While three in four workers are saving for retirement (75 percent) through employer-sponsored plans, such as a 401(k) or similar plan, and/or outside the workplace, the survey findings also outline the financial challenges faced by workers:

  • Many are not saving enough for retirement. Workers have saved $50,000 (estimated median) in all household retirement accounts. Baby Boomers have saved $152,000, Generation X has saved $66,000 and Millennials have saved $23,000 (estimated medians). Eleven percent of workers do not have any household retirement savings.
  • Twenty-nine percent of workers have dipped into retirement accounts by taking a loan, early withdrawal, and/or hardship withdrawal from a 401(k) or similar plan or IRA. Baby Boomers (22 percent) are less likely to have done so compared with Generation X (32 percent) and Millennials (30 percent).
  • Household debt is pervasive across generations. The majority (83 percent) of workers carry some form of debt. The most commonly cited forms include credit card debt (47 percent), mortgage (43 percent) and car loan (38 percent). Millennial workers are more likely to have student loans (25 percent), compared with Generation X (13 percent) and Baby Boomers (seven percent).
  • Emergency savings are alarmingly low. Workers have saved only $5,000 (median) for emergencies and unexpected major financial setbacks. Baby Boomers have saved $10,000, Generation X has saved $5,000, and Millennials have saved $2,000 (medians).
  • Workers are concerned about Social Security. Seventy-seven percent agree with the statement, “I am concerned that when I am ready to retire, Social Security will not be there for me,” including Generation X (84 percent), Millennials (80 percent), and Baby Boomers (65 percent).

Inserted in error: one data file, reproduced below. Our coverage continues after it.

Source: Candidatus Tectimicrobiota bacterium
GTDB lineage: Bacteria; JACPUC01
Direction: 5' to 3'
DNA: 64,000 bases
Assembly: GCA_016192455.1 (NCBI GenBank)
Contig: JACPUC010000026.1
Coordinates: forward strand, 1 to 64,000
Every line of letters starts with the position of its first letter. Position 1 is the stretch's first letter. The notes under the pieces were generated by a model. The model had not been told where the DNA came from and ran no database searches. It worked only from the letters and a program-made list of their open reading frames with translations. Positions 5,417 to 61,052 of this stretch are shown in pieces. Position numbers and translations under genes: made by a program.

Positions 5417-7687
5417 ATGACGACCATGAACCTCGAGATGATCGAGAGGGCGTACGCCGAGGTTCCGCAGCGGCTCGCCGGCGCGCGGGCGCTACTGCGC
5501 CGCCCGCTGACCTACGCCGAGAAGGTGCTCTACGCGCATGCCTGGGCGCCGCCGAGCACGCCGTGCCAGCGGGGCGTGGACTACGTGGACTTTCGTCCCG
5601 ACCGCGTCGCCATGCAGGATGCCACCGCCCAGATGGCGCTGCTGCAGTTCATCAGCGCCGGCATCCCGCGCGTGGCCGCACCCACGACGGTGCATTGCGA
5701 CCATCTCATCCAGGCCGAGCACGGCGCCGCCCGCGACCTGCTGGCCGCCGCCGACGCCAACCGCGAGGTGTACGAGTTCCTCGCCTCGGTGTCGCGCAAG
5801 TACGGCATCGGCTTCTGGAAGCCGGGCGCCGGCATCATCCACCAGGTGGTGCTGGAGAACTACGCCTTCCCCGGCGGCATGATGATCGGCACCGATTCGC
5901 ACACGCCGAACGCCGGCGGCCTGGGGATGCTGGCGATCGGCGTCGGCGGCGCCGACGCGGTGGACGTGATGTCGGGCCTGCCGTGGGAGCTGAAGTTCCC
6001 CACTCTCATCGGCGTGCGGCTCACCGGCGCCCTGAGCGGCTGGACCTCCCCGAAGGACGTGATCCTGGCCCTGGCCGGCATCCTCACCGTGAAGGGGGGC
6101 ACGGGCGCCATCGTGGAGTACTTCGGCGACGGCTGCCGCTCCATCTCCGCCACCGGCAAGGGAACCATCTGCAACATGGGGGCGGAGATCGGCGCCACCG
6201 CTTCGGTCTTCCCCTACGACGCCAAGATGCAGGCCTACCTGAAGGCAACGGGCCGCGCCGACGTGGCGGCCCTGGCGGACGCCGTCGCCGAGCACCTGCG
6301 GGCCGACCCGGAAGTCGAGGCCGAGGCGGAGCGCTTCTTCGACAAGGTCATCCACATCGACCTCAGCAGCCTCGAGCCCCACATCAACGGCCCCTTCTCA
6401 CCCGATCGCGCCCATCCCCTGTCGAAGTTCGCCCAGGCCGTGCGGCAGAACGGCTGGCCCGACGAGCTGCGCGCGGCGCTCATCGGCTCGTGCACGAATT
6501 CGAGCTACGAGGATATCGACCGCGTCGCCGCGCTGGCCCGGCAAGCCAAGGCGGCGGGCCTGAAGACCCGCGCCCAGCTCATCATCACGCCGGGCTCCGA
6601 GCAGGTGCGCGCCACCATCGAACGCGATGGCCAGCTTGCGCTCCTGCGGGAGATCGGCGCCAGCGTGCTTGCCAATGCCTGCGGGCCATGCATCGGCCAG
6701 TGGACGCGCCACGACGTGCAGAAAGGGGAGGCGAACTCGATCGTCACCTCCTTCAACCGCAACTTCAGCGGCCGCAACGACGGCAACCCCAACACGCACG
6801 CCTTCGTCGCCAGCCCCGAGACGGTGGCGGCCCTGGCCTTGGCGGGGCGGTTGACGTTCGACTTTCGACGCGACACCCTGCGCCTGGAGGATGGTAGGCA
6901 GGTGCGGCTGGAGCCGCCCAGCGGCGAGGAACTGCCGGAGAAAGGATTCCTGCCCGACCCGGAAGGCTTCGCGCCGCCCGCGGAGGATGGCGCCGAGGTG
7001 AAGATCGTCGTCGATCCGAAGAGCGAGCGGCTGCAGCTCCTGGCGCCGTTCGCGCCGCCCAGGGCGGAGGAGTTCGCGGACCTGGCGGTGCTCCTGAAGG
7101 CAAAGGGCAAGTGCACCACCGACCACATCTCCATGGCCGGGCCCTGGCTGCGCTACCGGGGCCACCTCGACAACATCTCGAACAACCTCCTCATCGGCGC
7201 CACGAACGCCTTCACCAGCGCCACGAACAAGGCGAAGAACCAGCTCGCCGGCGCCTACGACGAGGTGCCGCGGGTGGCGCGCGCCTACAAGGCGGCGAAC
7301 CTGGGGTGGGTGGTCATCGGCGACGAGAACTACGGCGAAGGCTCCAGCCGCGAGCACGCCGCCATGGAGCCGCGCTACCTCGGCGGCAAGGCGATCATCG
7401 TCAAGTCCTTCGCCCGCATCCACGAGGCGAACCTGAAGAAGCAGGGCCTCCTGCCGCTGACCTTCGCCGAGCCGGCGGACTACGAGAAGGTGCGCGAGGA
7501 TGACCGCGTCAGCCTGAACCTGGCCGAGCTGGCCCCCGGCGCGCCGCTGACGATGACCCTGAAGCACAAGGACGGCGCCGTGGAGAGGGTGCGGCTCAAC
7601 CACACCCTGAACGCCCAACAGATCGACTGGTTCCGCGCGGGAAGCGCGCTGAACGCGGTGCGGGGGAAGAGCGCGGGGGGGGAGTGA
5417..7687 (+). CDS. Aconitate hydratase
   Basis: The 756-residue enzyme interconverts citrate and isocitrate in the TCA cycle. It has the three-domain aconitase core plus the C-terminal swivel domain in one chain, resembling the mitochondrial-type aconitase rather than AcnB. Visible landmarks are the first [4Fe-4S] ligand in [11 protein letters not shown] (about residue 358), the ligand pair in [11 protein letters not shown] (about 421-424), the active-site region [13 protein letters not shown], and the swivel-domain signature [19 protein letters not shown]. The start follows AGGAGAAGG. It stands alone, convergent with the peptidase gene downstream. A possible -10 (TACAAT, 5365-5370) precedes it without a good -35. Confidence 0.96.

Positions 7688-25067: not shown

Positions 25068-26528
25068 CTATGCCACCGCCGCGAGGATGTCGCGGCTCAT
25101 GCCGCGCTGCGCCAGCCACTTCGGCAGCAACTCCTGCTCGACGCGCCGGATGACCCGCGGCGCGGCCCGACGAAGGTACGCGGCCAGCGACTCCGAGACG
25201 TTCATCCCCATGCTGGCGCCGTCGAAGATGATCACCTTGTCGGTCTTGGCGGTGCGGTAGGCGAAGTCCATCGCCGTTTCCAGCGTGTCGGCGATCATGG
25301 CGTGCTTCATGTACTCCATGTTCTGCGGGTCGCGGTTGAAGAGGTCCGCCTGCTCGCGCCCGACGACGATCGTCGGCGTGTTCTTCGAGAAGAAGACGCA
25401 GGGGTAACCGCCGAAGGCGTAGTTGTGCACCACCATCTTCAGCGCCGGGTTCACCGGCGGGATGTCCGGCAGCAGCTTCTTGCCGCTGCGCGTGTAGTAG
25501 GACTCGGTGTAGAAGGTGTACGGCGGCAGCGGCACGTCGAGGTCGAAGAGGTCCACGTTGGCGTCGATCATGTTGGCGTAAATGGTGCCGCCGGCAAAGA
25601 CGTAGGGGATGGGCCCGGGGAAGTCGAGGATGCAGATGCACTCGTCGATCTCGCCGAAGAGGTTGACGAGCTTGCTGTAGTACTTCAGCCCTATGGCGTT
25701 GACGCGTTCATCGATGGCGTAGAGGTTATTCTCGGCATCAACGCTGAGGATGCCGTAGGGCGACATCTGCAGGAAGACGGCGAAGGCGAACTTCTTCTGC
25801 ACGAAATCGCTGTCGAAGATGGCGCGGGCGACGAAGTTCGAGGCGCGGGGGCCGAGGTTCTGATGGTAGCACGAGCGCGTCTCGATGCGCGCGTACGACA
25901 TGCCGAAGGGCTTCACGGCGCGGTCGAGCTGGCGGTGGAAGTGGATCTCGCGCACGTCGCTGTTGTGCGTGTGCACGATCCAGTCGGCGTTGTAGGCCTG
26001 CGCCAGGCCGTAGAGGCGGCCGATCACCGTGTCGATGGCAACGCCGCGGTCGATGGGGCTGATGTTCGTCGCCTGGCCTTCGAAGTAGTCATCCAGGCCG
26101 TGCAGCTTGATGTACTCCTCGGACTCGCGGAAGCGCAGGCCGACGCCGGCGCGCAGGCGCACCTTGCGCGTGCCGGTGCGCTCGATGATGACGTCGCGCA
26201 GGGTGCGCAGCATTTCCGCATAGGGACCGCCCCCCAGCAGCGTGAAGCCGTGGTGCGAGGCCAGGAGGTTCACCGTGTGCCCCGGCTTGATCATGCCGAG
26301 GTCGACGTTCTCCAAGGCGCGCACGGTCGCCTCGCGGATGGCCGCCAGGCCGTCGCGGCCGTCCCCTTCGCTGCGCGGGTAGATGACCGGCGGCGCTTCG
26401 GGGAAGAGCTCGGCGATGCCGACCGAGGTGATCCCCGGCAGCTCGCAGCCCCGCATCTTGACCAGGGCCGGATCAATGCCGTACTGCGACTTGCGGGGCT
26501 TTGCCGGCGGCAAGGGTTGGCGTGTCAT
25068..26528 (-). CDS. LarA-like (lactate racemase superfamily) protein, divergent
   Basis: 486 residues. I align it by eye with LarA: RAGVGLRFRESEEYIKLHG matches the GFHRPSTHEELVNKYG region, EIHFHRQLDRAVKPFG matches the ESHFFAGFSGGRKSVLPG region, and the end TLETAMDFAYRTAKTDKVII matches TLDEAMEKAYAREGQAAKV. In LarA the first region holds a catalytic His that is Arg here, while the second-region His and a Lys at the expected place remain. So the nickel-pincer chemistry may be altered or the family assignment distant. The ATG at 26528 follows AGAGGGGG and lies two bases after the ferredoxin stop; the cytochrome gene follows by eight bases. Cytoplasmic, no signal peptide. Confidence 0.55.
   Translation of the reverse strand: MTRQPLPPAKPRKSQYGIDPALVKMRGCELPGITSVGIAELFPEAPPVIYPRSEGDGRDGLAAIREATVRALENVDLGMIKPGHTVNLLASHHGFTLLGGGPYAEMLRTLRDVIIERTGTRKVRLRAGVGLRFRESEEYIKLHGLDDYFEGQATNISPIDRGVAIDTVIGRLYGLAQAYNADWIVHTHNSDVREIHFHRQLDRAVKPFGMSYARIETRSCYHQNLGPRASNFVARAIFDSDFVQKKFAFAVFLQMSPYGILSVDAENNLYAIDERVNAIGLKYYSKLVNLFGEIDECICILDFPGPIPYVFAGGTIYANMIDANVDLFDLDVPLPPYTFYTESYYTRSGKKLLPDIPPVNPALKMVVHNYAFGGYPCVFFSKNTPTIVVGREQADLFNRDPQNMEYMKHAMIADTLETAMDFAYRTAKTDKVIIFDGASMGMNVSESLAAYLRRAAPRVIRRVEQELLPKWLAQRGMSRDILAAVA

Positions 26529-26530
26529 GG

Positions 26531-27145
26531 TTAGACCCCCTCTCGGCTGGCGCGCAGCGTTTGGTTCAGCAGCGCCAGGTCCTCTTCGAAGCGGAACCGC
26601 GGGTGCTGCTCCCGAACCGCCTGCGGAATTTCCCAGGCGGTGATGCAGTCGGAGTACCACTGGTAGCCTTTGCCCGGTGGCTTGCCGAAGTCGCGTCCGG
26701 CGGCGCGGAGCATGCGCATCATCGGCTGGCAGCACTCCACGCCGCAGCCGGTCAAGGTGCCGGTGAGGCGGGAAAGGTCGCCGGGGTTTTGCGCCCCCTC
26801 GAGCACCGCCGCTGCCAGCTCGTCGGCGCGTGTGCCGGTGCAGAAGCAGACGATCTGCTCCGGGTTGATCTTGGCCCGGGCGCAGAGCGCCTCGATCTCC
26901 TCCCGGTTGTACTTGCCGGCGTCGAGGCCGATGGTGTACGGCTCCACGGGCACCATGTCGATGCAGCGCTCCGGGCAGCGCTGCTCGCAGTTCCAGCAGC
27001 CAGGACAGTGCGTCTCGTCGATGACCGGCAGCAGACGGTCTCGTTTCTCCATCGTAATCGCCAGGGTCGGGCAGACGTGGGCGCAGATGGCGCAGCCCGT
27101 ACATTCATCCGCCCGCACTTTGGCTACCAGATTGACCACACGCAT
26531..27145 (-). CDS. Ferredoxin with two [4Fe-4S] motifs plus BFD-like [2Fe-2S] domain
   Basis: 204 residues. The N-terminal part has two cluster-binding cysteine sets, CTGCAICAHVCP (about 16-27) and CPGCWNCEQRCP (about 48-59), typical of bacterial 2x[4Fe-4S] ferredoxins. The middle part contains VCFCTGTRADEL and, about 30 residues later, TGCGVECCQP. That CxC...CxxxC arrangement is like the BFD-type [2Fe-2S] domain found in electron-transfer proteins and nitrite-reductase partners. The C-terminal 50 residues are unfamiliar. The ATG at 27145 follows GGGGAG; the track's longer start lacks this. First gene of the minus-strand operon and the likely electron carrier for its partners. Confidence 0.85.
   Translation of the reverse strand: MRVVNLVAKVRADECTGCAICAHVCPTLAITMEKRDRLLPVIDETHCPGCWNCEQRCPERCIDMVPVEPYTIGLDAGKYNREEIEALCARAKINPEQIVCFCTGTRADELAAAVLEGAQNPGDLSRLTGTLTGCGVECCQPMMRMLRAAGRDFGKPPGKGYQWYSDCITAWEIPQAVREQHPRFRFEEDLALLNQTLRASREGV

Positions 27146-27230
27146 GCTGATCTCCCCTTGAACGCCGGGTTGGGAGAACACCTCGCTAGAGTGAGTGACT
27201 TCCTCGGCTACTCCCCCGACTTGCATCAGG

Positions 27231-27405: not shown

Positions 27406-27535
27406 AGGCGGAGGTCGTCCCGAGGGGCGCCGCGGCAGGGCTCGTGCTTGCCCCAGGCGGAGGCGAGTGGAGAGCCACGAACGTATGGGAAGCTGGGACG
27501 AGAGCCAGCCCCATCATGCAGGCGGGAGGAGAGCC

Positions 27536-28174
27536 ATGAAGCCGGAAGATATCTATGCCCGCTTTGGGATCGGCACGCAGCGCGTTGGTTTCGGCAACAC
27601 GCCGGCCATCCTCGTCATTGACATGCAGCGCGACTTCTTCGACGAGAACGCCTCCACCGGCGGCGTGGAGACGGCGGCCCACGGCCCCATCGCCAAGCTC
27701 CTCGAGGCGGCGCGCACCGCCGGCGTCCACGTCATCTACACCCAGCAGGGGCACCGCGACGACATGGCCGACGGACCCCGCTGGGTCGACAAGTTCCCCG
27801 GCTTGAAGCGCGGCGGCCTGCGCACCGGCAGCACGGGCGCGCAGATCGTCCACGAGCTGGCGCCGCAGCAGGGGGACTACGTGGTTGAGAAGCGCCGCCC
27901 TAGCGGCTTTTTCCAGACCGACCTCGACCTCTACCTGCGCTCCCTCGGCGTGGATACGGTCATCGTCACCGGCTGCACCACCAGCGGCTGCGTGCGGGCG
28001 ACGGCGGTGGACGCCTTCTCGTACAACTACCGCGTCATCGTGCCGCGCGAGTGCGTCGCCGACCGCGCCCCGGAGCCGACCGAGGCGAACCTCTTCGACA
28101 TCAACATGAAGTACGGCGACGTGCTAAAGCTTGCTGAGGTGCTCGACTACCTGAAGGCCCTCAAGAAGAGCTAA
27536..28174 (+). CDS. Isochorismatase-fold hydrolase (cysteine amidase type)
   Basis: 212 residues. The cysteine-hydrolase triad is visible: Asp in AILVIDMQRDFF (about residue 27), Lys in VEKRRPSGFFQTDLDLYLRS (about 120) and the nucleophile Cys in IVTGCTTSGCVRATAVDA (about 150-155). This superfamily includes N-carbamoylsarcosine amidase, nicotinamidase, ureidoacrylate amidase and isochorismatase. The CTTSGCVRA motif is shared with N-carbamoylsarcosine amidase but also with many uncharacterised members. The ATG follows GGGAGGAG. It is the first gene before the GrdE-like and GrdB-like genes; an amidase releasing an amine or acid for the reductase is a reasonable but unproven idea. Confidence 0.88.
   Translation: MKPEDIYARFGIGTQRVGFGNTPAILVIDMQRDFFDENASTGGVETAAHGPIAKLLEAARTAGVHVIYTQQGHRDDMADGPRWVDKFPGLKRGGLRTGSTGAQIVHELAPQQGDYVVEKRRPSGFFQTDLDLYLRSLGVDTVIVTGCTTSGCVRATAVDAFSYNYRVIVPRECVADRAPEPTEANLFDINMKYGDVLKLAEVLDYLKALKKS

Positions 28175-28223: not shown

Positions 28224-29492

In the hearts and minds of today's workers, retirement means 'freedom,' amid concerns about whether it is financially attainable; From a societal perspective, how can we ensure flexibility for people to live their lives and retire on their own terms? How can we improve financial security among all?

“Despite the all-too-real challenge of saving, many workers are overlooking opportunities that could help improve their long-term financial situation,” said Collinson. “Small steps such as using a retirement calculator to estimate savings needs, engaging in financial planning, creating a budget, formulating a retirement strategy, and learning about retirement investing can make a big difference in the long run.”

Health and Work-Life Balance

Workers are looking to retirement for more freedom, according to the survey, but are they achieving the right work-life balance today? The survey finds that most workers feel they are healthy and manage work-life balance well, but may not be doing enough to safeguard their long-term health:

  • Seventy-nine percent of workers describe themselves as being healthy, including 21 percent who say their health is “excellent” and 58 percent who say it is “good.” Millennials (26 percent) are more likely say their health is “excellent,” compared with Generation X (19 percent) and Baby Boomers (16 percent).
  • Most are successful in managing work-life balance. Seventy-nine percent of workers feel that they are successful in managing their work-life balance. Baby Boomers (83 percent) are more likely than Millennials and Generation X (both 78 percent) to feel they balance work-life priorities.